By Mary Wisniewski
CHICAGO (Reuters) - Patrick Fitzgerald, the aggressive U.S. attorney in Chicago whose investigations ranged from al Qaeda leader Osama bin Laden to CIA leaks and two consecutive Illinois governors, said on Wednesday he would step down effective June 30.
Fitzgerald, 51, who has held the post since days before the September 11, 2001, attacks, is the longest-serving U.S. attorney in Chicago history.
He is known for taking a hard line on political corruption, and has overseen thousand of criminal cases, including organized crime bosses, former Chicago officials who rigged city hiring, and supporters of terrorism.
Fitzgerald also was lead counsel in the 2007 trial of I. Lewis "Scooter" Libby, the chief of staff and national security adviser to Vice President Dick Cheney, which resulted in Libby's conviction on charges of perjury and obstruction of justice.
Under Fitzgerald, the U.S. attorney's office also convicted media baron Conrad Black.
Fitzgerald, who is married with two young children, has no future employment plans and will take time off this summer before considering career options, according to the U.S. attorney's office statement.
"He will be a tough act to follow - that's the understatement of the day," said Andy Shaw, president and CEO of the Better Government Association, a Chicago-based political watchdog group. "He brought a level of commitment and passion and skill to that job that elevated it to a new level."
Shaw said Fitzgerald was "in a class of his own" because he had no political agenda, which was illustrated by his office's successful prosecution first of a Republican governor, George Ryan, and then a Democratic governor, Rod Blagojevich.
While Shaw said Fitzgerald did not wipe out political corruption in Illinois, he reduced it. "People think longer and harder about misbehaving in part because of the force of his office," said Shaw.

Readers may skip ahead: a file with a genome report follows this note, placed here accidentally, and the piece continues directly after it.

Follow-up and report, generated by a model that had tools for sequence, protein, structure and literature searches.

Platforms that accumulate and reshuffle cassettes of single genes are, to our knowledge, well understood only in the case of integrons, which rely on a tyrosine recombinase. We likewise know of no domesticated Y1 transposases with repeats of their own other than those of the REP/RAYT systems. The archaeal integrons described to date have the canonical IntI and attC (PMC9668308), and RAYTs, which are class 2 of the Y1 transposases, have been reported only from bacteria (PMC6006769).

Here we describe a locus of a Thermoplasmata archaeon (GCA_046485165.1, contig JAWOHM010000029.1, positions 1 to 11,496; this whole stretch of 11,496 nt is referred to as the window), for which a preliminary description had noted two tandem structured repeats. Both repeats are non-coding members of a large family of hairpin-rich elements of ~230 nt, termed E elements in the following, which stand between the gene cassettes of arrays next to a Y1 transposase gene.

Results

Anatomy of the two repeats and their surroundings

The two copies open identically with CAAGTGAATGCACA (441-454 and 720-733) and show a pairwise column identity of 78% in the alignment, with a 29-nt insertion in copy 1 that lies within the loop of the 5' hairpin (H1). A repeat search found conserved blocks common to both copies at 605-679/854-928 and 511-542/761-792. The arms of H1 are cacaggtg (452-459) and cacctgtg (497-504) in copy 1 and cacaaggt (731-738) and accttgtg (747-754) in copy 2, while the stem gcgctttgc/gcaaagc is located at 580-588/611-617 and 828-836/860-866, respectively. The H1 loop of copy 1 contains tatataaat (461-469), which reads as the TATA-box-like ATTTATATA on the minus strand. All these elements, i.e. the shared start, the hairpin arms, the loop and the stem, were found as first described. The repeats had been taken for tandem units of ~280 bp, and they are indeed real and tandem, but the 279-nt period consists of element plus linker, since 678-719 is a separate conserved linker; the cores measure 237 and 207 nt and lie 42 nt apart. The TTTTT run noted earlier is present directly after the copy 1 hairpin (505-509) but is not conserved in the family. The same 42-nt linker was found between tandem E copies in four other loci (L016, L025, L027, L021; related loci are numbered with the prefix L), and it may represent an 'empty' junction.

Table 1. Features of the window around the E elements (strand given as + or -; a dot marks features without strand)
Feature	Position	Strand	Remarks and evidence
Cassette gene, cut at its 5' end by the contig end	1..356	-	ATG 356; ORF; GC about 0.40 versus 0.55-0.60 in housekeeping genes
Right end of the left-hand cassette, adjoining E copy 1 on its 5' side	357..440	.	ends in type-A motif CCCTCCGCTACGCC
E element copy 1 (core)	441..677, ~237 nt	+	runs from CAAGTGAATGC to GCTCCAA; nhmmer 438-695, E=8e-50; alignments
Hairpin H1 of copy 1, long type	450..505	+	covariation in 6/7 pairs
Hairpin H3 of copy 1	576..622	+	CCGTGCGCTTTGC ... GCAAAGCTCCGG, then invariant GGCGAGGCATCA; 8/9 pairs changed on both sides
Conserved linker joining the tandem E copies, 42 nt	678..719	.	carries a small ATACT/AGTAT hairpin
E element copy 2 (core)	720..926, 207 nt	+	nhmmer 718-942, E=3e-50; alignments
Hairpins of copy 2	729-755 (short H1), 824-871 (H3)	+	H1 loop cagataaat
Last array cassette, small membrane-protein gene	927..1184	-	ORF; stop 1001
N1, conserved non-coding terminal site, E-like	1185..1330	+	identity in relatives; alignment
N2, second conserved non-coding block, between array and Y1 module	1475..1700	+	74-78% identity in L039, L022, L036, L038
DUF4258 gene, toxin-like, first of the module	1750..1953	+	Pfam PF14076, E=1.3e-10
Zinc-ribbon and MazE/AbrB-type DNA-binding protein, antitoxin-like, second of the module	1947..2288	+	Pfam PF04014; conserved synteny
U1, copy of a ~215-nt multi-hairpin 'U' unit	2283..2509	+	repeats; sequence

After Blagojevich was charged with trying to sell the U.S. Senate seat President Barack Obama occupied before he won the 2008 presidential election, Fitzgerald said that authorities had halted a potential crime spree that would have made Illinois legend former President Abraham Lincoln "roll over in his grave."
Fitzgerald could make even the top levels of Washington power quake when he acted. Karl Rove, former President George W. Bush's most powerful White House aide, was investigated by Fitzgerald in the illegal leak a CIA agent's name to a journalist.
Rove said in his book "Courage and Consequence," that when he learned in a letter from Fitzgerald in 2006 that he would not be prosecuted for his role in the scandal, he wept.
In a statement, U.S. Attorney General Eric Holder called Fitzgerald "a prosecutor's prosecutor" who served the American people "with the utmost integrity and a steadfast commitment to the cause of justice."
His arrival in Illinois rocked Chicago's political world because the city had been used to U.S. attorneys who were part of the local political and legal class.
Fitzgerald is a native of Brooklyn and graduated from Amherst College with a bachelor's degree in economics and mathematics in 1982, and from Harvard Law School in 1985.
Before coming to Chicago, Fitzgerald had worked with the U.S. Attorney's office in Manhattan, where he participated in the prosecutions involving the August 1998 bombings of the U.S. embassies in Kenya and Tanzania, and the 1993 bombing of the World Trade Center.
(The story has been refiled to correct reference to Lincoln as native to Illinois)
(Reporting By Mary Wisniewski; Editing by Greg McCune and Doina Chiacu)